The holiday of Pesach (Passover) is an exodus from our ego, called “Egypt.” Our ego locks us in a capsule called “this world” and prevents us from seeing the reality outside. In order to break free from this shell we must perform a “circumcision,” by drawing the Ohr Hochma (Light of Wisdom) from above. It acts like a sharp knife and removes our great egoistic desires that cannot currently be corrected. We are given the opportunity to rid ourselves of them and not use them, in essence, to become free.

To be a “free people in our own country” (the word “country” [Aretz] comes from the Hebrew word for “desire” [Ratzon]) means to escape the rule of our desire. When we become free from our desire and can rise above it, we are ready for the exodus from Egypt.

We then exit our ego, which is also called the “evil inclination” (“Yetzer Ra“) out of Egypt (MitzraimMitz Ra, i.e. concentration of evil) and toward freedom. Having been slaves to our desires, we now come out of slavery and become free of them, meaning we refuse to use them egoistically. [Source: Dr. Michael Laitman, “Escaping the Rule of Our Desire.” Laitman.com – Michael Laitman’s Personal Blog]

 

Now You Can Understand the Essence of Passover

Throughout the seven special days of the holiday of Passover, we must maintain a correct, uninterrupted intention, because this is a special time. We don’t celebrate religious rituals or customs. We are very distant from actions people carry out simply because they were taught to do so as children, or because they are driven by egoistic goals to receive a reward, either in this world or the next.

First and foremost, those who study Kabbalah want to reveal the Upper World and the spiritual actions, and only after they see their consequences (branches), are they prepared to also respect and observe them with the same intention as the spiritual actions above.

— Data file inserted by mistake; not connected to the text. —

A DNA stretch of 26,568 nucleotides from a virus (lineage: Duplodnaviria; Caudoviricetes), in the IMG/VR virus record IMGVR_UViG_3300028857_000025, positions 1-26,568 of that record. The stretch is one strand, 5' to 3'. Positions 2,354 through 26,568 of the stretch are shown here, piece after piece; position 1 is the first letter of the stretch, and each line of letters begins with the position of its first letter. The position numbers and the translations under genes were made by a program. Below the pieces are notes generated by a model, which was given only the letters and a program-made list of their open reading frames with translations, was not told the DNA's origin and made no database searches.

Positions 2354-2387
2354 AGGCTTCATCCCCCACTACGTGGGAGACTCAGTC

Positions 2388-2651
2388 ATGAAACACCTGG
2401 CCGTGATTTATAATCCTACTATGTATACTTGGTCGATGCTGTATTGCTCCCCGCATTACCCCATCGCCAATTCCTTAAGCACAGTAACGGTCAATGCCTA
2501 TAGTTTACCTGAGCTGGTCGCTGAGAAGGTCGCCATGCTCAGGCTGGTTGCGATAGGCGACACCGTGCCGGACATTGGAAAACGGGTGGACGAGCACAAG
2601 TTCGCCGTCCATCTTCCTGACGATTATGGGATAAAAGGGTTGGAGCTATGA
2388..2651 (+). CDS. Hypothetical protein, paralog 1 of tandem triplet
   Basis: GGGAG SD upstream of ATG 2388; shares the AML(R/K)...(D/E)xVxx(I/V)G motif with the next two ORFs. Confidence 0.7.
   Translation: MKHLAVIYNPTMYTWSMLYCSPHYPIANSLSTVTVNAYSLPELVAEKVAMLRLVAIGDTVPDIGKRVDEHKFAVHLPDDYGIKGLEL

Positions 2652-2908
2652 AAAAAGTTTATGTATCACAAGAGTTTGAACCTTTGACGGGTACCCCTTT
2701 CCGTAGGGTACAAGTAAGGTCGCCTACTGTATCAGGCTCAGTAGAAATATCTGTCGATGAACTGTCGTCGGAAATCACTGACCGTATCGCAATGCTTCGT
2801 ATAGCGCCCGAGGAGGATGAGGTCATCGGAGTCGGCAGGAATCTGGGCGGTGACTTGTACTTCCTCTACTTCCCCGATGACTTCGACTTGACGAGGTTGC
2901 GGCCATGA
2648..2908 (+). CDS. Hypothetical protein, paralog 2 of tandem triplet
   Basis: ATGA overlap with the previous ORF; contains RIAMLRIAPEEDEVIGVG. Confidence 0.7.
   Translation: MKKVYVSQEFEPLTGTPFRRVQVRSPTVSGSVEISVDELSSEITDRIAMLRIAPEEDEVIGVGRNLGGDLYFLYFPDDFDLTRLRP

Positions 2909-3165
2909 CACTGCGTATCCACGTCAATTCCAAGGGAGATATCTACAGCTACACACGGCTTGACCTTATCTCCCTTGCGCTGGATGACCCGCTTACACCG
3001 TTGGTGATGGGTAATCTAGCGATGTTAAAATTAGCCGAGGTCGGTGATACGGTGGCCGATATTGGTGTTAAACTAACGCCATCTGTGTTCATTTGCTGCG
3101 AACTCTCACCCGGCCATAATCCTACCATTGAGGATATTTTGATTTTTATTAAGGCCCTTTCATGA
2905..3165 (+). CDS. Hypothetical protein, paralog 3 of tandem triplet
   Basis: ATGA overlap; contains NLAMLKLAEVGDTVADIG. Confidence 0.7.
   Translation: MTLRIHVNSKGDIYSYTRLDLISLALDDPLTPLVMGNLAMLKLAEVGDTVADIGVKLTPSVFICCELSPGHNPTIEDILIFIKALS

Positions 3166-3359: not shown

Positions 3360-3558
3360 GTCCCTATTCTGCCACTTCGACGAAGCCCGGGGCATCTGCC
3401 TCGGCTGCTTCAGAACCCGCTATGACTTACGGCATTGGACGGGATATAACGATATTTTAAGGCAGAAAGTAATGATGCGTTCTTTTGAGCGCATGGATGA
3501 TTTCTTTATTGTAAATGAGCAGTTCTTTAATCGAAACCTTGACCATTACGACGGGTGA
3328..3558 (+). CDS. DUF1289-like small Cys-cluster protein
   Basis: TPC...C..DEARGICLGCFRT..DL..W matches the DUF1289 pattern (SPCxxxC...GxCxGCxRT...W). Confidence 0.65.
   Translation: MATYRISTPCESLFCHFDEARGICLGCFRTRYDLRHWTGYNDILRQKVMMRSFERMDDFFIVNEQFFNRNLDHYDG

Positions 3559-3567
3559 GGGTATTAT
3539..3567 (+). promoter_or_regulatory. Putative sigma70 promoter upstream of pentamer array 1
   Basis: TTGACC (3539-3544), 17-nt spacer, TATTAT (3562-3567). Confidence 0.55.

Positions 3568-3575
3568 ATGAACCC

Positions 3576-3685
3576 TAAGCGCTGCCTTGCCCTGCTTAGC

Abraham and his students were the first to attain the connection between the roots and the branches. But having revealed the spiritual world and its consequence in the corporeal, having discovered the forces that descend from the spiritual world into our corporeal world and having set it in motion, he created the language of branches. This language is a description of the Upper World, the roots, using words of this world, the branches.

That was when he revealed the whole reality, both the corporeal and the spiritual, as one whole, which is why both the spiritual and the corporeal actions merged within him into a whole, and that is how he taught his students. [Source: Dr. Michael Laitman, “The Source of Passover.” Laitman.com – Michael Laitman’s Personal Blog]

To learn more about how Kabbalah describes holidays and many other concepts at their root level, before they dress into the material world, it is recommended to take the Free Kabbalah Course. The reason is that many of the concepts and terms we have heard a lot about in our upbringing have completely different definitions in Kabbalah, and it takes a while to process them properly. Therefore, if you’re interested in this topic, then we recommend taking the free course and start learning about the world around you and inside you anew. Click the banner below to sign up for the free course …

Free Kabbalah Course

  

What Is Passover? – Jtimes With Kabbalist Dr. Michael Laitman


What Is Passover – Part 1 of 2


What Is Passover – Part 2 of 2

To learn more about how Kabbalah describes holidays and many other concepts at their root level, before they dress into the material world, it is recommended to take the Free Kabbalah Course. The reason is that many of the concepts and terms we have heard a lot about in our upbringing have completely different definitions in Kabbalah, and it takes a while to process them properly. Therefore, if you’re interested in this topic, then we recommend taking the free course and start learning about the world around you and inside you anew. Click the banner below to sign up for the free course …

Free Kabbalah Course